Upon request, clients must provide agencies “all necessary information related to the job, duties, pay, and benefits of directly hired employees.” Failure by a client to provide the requested information will amount to a notice violation.


The amendments mandate safety requirements for staffing agencies. These include having to “inquire about the client company’s safety and health practices and hazards at the actual workplace” where the laborer is working. Additionally, an agency is required to provide safety training to the laborer for “recognized industry hazards.” Agencies must also inform of and describe the training provided at the start of a contract with a client company. The training should include instructions on reporting safety concerns and must provide laborers with the Illinois Department of Labor’s hotline.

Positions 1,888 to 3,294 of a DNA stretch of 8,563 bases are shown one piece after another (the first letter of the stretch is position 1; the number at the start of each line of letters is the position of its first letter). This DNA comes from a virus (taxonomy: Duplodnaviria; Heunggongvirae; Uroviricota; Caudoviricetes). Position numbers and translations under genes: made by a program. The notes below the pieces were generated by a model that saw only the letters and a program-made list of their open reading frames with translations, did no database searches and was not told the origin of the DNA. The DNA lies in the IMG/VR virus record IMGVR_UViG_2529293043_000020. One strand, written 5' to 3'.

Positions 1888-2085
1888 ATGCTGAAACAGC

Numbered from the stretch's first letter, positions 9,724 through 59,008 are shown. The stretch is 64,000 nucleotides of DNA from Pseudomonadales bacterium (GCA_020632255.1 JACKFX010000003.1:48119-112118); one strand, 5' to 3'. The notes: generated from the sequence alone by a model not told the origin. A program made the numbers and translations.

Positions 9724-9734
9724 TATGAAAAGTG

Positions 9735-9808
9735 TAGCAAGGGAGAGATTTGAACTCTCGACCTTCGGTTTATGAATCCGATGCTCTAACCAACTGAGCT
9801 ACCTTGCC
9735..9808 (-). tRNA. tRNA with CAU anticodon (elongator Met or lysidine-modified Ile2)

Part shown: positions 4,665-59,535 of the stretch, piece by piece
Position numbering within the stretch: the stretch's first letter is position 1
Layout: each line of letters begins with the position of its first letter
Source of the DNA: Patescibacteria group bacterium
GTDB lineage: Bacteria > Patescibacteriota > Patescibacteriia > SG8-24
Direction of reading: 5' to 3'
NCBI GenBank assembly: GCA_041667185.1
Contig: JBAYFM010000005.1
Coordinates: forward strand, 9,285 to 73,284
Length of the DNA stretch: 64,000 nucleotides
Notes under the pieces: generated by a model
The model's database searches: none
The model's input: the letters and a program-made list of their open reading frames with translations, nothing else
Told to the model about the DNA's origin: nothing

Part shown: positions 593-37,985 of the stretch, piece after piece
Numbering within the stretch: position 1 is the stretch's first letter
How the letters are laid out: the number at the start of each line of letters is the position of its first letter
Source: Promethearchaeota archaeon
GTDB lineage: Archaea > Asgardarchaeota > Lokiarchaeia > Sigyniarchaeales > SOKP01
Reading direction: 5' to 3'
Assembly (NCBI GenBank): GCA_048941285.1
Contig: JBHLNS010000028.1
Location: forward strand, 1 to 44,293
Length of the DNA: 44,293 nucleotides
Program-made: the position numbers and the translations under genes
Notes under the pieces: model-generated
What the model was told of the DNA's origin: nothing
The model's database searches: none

In the same vein, a client company must document and inform the agency about any anticipated job hazards and review the safety training provided by the agency to ensure adequacy. The client company is also obligated to provide the laborer with specific training, which is to be “tailored to the particular hazards at the client company’s worksite” and provide the staffing agency notice upon completion.

Refusal of Assignments to Certain Client Locations

Under the new amendments, a worker can refuse work at a location where a labor dispute exists. A labor agency may not send a worker to a client where a labor dispute, such as a strike or lockout, without informing the worker. “Informing,” within the meaning of the Act, must be in writing in a language that the day and temporary laborer understands, and detail the dispute. This disclosure must also state that the day or temporary laborer’s right to refuse the assignment is without prejudice to receive another assignment. Failure by a labor agency to do so will amount to a notice violation under the Act. Failure to provide each piece of information will amount to a separate and distinct violation.

Independent Cause of Action for “Interested Parties”